By Karen Lentz
Los Angeles-based executive search firm Korn/Ferry International reported $23.9 million, or 42 cents per diluted share, in third-quarter earnings Monday, rebounding from a loss of $16 million, or 30 cents per diluted share, in the same quarter last year.
Korn/Ferry reported adjusted earnings per share of 53 cents, based on an exclusion of $8.6 million for restructuring, acquisition, and integration costs, representing 15 cents per share.
The consensus analyst estimate of adjusted earnings compiled by Bloomberg for the quarter ended Jan. 31 was a profit of 53 cents per diluted share.
Total revenue rose to $394.2 million from $358.9 million. Fee revenue was $381.9 million, compared with $344.2 million in the year-ago quarter. The 11 percent revenue increase was primarily due to the company’s acquisition of human resources consultancy Hay Group in December 2015, CEO Gary Burnison said on the investor conference call.
“After a full year of work, our integration activities related to the Hay Group acquisition are substantially complete,” Burnison said, adding that some remaining costs for office co-location and systems conversion are expected to be realized in the fourth quarter.
Korn/Ferry reported $103.8 million in new business for Futurestep, which it identified as its fastest growing segment, with $83 million coming from recruitment process outsourcing. Fee revenue for Futurestep was $53.4 million, up 9 percent from $49 million a year ago.
Recruitment process outsourcing involves performance of a company’s internal recruitment function by a third party which assumes the role of the client’s recruiting department by owning and managing its recruitment process and supply chain partner relationships, and is commonly used as a method for employers to recruit direct-hire personnel in the U.S., according to the workforce terminology lexicon developed by advisory firm Staffing Industry Analysts.
Korn/Ferry’s new business in the quarter came primarily from companies that had not engaged recruitment process outsourcing services previously, Burnison said.
The company’s executive search unit saw decreased fee revenue in the quarter, coming in at $152.8 million, down 1.2 percent from $154.6 million in the year-ago period.
“Monthly new business trends in the quarter were negatively impacted by both pre-election uncertainty and year-end holiday seasonality,” Robert Rozek, executive vice president and chief financial officer, said on the conference call.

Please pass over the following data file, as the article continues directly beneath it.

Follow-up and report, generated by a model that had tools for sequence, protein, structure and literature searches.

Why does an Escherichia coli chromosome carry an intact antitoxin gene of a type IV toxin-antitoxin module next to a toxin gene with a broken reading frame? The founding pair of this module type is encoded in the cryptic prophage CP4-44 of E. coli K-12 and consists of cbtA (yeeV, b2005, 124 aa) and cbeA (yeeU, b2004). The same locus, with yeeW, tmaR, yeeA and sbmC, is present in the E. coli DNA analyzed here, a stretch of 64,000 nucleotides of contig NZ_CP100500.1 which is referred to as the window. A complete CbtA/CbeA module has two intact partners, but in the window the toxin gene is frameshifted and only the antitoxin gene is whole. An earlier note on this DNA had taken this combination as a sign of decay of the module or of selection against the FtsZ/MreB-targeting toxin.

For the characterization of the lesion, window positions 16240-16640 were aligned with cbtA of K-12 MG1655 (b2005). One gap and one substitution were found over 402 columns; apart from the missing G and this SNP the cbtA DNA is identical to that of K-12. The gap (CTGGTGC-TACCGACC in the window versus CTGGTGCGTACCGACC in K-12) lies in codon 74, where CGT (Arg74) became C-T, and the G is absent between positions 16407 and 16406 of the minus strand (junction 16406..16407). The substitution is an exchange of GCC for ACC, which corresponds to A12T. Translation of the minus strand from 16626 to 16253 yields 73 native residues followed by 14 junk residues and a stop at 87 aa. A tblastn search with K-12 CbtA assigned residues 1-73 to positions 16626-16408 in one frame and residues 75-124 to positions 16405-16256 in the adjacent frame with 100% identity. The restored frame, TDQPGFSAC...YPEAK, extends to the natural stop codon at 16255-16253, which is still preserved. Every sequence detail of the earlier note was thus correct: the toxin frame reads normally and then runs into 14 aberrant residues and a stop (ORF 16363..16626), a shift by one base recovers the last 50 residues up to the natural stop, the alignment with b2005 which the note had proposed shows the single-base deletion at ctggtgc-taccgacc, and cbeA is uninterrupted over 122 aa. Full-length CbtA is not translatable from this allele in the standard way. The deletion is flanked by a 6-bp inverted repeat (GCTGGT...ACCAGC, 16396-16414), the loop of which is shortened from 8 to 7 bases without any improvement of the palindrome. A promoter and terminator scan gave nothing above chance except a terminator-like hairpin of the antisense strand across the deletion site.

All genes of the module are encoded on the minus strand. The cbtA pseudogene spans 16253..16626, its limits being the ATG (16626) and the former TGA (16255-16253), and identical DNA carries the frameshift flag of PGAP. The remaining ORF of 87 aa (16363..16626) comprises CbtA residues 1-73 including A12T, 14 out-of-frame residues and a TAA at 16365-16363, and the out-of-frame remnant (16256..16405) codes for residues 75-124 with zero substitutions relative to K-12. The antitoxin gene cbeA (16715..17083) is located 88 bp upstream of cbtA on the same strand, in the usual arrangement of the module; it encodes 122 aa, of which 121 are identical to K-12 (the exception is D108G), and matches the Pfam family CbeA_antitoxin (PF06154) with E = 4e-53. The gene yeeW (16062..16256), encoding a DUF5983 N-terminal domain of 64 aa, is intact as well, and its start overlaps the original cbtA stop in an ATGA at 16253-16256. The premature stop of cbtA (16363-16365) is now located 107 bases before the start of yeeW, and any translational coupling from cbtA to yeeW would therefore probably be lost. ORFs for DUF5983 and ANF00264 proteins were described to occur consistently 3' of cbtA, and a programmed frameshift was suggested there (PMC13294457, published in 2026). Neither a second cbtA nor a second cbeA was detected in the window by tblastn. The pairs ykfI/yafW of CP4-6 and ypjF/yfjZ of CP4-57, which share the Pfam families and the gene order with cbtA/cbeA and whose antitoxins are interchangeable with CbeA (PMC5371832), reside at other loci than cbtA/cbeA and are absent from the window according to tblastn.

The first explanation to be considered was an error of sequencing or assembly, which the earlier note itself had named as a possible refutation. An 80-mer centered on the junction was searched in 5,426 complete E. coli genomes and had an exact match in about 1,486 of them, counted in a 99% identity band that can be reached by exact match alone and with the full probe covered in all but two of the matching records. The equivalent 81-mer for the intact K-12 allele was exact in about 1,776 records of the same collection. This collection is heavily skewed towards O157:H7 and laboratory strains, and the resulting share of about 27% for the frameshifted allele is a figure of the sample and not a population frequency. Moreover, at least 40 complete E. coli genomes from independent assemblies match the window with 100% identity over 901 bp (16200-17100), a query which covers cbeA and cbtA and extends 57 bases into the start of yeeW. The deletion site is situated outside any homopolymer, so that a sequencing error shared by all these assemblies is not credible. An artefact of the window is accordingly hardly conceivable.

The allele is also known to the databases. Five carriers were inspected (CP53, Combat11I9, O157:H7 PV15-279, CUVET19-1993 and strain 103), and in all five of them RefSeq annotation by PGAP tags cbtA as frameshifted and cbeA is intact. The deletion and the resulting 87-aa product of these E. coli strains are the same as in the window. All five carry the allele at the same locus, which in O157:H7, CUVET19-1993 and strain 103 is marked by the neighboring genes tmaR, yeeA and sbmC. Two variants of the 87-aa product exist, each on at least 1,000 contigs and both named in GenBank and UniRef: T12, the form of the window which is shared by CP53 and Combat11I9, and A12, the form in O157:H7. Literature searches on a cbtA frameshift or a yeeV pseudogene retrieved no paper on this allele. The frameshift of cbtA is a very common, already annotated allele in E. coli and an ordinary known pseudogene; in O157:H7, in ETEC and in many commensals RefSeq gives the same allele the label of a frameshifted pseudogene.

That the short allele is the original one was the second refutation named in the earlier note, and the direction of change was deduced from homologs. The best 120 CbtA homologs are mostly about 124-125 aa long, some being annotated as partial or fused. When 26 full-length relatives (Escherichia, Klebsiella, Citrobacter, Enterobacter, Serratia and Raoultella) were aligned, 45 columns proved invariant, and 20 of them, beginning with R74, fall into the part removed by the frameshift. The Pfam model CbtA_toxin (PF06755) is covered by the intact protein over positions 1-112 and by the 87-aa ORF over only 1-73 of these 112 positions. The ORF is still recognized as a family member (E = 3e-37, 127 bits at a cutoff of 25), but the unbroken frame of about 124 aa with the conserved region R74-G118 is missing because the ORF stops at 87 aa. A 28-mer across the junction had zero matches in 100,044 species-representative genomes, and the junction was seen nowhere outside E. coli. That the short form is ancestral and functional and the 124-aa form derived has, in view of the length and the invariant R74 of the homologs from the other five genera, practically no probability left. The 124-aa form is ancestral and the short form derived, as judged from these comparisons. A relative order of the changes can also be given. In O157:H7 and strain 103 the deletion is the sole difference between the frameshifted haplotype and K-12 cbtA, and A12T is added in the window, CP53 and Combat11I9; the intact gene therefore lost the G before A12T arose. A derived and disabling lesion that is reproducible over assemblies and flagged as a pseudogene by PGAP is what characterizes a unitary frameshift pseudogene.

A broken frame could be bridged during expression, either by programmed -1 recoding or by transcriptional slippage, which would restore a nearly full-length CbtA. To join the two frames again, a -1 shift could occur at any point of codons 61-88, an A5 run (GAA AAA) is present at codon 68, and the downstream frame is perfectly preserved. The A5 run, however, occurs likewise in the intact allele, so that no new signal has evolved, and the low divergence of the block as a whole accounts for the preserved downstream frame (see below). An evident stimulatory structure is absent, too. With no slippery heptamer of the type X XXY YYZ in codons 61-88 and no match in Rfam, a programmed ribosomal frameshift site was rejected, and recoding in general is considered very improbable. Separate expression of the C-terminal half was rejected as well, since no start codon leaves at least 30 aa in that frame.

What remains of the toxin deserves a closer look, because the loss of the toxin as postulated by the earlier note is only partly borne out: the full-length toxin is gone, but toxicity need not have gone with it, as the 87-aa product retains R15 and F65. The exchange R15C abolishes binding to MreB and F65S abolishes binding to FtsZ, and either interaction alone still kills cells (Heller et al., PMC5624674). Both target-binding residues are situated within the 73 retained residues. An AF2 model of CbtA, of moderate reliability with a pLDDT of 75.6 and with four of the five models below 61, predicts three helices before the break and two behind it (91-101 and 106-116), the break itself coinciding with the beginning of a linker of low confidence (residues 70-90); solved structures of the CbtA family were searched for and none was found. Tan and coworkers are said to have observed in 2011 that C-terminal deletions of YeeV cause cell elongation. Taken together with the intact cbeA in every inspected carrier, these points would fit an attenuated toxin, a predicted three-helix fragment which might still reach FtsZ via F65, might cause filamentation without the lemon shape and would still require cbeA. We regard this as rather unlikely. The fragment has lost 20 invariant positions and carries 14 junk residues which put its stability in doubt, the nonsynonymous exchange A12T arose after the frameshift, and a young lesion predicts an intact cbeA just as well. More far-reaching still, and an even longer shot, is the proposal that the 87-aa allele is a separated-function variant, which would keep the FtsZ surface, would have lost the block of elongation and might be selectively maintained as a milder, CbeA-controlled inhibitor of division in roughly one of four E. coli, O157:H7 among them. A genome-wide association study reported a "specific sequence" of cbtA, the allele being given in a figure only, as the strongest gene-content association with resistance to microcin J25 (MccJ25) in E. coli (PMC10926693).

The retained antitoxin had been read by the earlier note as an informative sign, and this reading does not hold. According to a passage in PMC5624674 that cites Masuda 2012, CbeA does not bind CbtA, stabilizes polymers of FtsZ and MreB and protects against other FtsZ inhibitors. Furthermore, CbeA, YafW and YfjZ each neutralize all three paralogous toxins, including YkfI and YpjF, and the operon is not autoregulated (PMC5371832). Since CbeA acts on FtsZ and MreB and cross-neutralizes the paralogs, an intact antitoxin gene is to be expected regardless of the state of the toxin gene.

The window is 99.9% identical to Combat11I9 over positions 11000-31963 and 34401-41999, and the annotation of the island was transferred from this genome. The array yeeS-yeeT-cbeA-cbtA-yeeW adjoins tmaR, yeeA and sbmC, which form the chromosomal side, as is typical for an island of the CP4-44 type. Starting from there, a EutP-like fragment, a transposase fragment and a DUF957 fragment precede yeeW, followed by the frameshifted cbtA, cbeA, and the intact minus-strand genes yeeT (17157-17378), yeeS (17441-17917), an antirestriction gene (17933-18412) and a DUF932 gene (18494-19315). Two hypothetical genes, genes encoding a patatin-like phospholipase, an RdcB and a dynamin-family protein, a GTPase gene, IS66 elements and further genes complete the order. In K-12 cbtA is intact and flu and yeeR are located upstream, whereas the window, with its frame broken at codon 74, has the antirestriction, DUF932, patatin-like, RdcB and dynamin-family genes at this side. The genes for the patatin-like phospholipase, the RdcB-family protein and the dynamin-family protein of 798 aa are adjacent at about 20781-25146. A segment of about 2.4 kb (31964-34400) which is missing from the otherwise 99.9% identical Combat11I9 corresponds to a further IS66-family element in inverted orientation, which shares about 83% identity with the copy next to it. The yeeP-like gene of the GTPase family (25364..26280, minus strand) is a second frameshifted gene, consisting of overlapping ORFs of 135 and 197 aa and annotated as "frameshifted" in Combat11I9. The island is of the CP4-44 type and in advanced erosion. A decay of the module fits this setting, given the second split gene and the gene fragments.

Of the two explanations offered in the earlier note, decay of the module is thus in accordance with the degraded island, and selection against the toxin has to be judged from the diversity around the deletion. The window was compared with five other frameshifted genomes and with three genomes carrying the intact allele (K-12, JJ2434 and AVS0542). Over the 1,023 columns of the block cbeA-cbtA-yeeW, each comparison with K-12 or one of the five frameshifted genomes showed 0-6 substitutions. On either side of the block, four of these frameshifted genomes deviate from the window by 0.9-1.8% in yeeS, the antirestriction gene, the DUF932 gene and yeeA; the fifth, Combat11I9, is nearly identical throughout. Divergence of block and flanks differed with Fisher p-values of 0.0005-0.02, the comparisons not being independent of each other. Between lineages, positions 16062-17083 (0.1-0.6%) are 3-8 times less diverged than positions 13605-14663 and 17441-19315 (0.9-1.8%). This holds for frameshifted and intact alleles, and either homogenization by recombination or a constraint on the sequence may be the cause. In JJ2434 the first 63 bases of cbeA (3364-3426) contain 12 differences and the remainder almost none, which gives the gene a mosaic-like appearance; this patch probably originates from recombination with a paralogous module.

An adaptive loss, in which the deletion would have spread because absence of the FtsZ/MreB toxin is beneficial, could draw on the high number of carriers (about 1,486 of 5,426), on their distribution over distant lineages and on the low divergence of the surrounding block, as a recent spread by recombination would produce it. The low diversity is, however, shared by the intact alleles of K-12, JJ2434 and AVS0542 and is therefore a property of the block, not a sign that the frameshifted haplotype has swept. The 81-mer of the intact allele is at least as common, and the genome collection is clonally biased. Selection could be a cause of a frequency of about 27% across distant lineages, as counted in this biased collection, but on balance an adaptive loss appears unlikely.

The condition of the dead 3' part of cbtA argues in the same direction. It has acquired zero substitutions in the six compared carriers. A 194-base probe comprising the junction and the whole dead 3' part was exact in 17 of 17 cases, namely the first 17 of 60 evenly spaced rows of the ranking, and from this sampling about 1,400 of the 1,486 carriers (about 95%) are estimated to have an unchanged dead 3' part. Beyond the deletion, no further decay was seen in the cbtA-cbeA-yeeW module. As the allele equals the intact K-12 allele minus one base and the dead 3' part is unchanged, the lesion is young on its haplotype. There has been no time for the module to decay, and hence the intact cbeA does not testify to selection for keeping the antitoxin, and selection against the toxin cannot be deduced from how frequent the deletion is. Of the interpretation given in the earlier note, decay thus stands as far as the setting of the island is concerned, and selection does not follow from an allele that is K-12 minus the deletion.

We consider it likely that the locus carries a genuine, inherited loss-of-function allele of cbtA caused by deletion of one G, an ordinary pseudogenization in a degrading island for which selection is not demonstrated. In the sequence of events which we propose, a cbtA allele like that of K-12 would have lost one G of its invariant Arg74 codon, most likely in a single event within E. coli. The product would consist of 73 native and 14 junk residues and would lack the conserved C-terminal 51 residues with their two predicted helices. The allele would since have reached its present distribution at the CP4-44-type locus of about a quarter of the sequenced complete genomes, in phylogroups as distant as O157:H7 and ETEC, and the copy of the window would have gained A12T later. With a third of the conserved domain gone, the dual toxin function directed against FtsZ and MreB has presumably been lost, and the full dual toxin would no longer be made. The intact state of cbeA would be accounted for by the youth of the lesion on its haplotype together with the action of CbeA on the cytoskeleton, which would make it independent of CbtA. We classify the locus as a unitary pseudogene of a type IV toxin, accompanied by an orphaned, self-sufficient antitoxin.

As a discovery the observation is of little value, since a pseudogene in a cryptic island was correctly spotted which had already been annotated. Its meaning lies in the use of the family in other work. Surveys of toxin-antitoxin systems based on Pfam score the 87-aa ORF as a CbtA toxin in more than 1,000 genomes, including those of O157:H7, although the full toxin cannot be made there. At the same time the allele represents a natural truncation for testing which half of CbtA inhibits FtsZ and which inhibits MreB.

Higher compensation and benefits costs and unfavorable currency exchange rates also impacted the company’s operating income in the quarter, Gregg Kvochak, senior vice president of investor relations, said on the call.
Timothy McHugh, global services analyst at William Blair & Co. LLC, cited a quarterly industry survey showing that executive recruitment demand has improved since the summer, but is still less positive than reported in the last two years.
“We do not expect significant profit growth for the company in the near to medium term,” McHugh wrote in a research note, adding that Korn/Ferry has struggled in the past to drive significant organic growth in this segment.
The company said it expects fee revenue in the range of $398 million to $412 million, and earnings per share of 41 cents to 49 cents, in the fourth quarter of its fiscal year, based on current trends.
“Following historical patterns, executive search new business activity in both March and April is expected to be seasonally strong,” Rozek said on the call.
Burnison put leadership development offerings at the top of a list of strategic growth initiatives for the company, calling the area a growing market that currently represents about $160 million in revenue.
Burnison added that the company has been transformed into something that looks more like a global management consulting firm, noting that 55 percent of its employees are millennials, 70 percent are located outside the U.S., and 61 percent are female.
Korn/Ferry shares edged up Tuesday to close 20 cents higher at $31.04.
The company has repurchased over 800,000 shares for $21 million in the open market since October 2016, a 1.6 percent reduction in outstanding shares of common stock.
Total revenue for the fiscal year to date is $1.2 billion, up 29 percent from $929.6 million in the year-ago period. For the first three quarters, the company has reported net income of $57.3 million, or $1.00 per diluted share, more than double the $25.1 million, or 48 cents per diluted share, reported for the first three quarters of the prior fiscal year.
The company reported $33 million in restructuring charges in its previous fiscal year, largely due to severance costs related to the Hay Group acquisition, according to the company’s Securities and Exchange Commission filings.
Asked about the global economic outlook, Burnison said CEOs continue to face uncertainties including the impact of the U.K.’s Brexit decision on leaving the European Union, and France’s presidential election in April.
“Certainly, with an equity market that’s at an all-time high, you have CEO confidence that probably goes hand in hand with that. But I think there has been more intent but kind of less action, so I can’t say that the CEO confidence has really translated into something we can put our fingers on,” Burnison said.